2,200,000,000 Christians could be cheering the Muslim God
#Hallelujah is a Christian expression of worship and rejoicing but there is something odd about it because it looks like they are really cheering the Muslim God.
You see, etymologically speaking, Hallelujah is a linguistic compression of a well known Arabic phrase ‘halilu lillah’ (halil li Allah) “raise your voices in hailing Allah”.
Now, Arabic ‘halil’ “hail” sounds very familiar in the English ‘hail’, and probably one of the claimed 6,000 Arabic words in English. What the Etymology Online Dictionary is saying about “hail” is not convincing: “Hail: to call from a distance,” 1560s, originally nautical, from hail (interj.). Related: Hailed; hailing. Hail fellow well met is 1580s, from a familiar greeting. Hail Mary (c.1300) is the angelic salutation (Latin ave Maria) in Luke i:58, used as a devotional recitation.”
The “c. 1300” is cited as origins of so many words. It is suspicious because that’s the time when the Crusades came to an end, and the soldiers of God and their entourage went back with them carrying lots of booty including lots of words they heard in the “Holy Land”. If you want to prove the origin of a word you have to go back much further than the 1300s.
Nor “hail” is an isolate in religious verbiage. The word for bible in Arabic is “Injeel” from which “angels” “angelic”, etc., were derived, it seems.
Pisst! Injeel is from Angal, a Sumerian compound.
Etymologically speaking, again, all religions appear to lead to Sumerland with Babylonian blissful re-working.
However, it was etymologically indicated elsewhere that Christianity, Islam and Judaism recognise the same God known in prehistoric times as “El” or “Il”.
Proof: We gave you the linguistic cluster (*’L/*L’) but here is another proof from Akkadian:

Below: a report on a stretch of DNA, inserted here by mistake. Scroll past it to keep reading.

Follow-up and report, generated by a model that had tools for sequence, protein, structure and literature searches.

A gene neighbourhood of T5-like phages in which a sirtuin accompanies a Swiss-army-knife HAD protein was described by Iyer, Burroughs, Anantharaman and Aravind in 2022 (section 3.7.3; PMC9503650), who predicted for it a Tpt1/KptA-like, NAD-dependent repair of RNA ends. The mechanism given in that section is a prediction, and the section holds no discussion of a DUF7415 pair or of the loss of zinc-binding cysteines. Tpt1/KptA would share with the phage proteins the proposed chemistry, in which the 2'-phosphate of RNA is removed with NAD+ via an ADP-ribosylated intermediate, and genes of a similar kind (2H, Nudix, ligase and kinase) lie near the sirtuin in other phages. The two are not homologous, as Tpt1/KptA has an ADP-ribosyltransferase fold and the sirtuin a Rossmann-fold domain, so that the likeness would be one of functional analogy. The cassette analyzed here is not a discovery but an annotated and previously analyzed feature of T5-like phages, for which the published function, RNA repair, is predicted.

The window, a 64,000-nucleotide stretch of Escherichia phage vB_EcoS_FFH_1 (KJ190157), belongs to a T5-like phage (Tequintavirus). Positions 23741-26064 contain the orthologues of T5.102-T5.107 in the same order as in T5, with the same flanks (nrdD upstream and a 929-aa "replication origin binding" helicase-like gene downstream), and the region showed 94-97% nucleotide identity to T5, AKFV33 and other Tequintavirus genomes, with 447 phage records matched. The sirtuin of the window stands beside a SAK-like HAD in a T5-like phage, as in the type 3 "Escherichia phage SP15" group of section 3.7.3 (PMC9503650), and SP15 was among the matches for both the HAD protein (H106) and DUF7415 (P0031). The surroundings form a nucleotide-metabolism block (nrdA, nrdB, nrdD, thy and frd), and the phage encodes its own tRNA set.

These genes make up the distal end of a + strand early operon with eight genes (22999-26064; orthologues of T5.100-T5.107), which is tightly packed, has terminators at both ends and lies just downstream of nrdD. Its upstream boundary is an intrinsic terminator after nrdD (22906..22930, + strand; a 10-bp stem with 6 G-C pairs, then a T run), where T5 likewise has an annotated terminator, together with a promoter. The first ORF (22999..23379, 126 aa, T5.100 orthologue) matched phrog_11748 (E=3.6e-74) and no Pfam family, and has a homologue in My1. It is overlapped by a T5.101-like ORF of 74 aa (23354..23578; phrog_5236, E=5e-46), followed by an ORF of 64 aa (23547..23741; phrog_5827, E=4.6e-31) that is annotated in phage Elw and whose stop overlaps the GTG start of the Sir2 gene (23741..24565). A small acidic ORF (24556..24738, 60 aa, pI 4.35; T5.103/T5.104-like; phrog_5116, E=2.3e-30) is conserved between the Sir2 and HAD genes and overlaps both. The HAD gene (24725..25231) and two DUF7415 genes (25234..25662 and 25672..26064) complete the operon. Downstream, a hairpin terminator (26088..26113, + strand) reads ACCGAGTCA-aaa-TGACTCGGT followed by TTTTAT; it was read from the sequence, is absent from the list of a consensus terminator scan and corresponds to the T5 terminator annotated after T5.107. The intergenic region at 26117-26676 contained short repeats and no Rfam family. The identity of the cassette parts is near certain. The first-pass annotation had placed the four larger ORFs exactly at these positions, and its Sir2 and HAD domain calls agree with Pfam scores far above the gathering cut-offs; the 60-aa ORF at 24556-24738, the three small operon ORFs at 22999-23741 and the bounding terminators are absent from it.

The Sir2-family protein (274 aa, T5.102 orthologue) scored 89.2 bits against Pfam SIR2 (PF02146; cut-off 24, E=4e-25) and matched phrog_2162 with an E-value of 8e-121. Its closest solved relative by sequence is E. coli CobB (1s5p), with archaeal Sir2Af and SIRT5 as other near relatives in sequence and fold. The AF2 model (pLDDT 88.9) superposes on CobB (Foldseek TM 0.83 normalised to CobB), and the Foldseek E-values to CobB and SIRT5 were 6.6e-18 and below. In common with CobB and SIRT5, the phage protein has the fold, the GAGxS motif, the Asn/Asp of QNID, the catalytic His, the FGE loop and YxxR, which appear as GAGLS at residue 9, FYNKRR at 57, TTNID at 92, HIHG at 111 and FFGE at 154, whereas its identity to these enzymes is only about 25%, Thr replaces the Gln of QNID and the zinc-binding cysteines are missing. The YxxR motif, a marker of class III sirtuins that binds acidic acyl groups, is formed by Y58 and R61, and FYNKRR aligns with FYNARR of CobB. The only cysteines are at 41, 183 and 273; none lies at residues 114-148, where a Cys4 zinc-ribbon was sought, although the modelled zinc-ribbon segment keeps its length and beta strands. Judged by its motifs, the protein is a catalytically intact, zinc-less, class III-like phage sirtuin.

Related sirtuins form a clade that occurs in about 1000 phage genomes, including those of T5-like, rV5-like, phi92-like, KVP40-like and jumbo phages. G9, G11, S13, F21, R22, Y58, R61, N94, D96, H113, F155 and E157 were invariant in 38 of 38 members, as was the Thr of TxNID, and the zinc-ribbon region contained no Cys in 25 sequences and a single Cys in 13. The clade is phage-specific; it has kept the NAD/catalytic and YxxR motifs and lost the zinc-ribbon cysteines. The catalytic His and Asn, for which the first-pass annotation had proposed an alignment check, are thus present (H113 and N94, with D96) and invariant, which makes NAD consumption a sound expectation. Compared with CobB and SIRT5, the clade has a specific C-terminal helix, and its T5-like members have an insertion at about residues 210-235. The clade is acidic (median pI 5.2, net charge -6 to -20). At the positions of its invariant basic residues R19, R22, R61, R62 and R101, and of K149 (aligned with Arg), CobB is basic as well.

ilu [DINGIR : ] (n. ; pl. ilū, ilānu) [Religion] god , deity ; bēt ilāni : the house of gods ; il āli : the god of the city / city god ; ilānû : favored by the gods ; ilu rabiu : a great god ; illil: the highest god / the supreme god / the god of gods ; bēt ili : the house of the god ; ṣalam ili : the image of the god ; angubbû : a standing god ; ilu mušallimu : a tutelary god ; iltu / ištāru : a goddess ; ilūtu : divinity / being a god ; ša lā ilāni : godless , impious , ungodly ; (ša) kī ili : godlike , divine ; nūrtānu : like Ninurta / divine ; (ša) ili : godly , pious , devout , believer (?) ; ilāni : the gods ; ilumma ! : by God ! palāḫu : to serve (a god) ; šār ilāni : l’esprit des dieux ;
Image: The Greek Orthodox Church of Antioch, also known as the Greek Orthodox Patriarchate of Antioch and All the East and the Antiochian Orthodox Church. The seat of the patriarchate was formerly Antioch, in what is now Turkey. However, in the 14th century, it was moved to Damascus, modern-day Syria, following the Ottoman invasion of Antioch. Its traditional territory includes Syria, Lebanon, Iran, Iraq, Kuwait, Arab countries of the Persian Gulf and also parts of Turkey. Its territory formerly included the Church of Cyprus until it became autocephalous in 431. Both the Orthodox Churches of Antioch and Cyprus are members of the Middle East Council of Churches.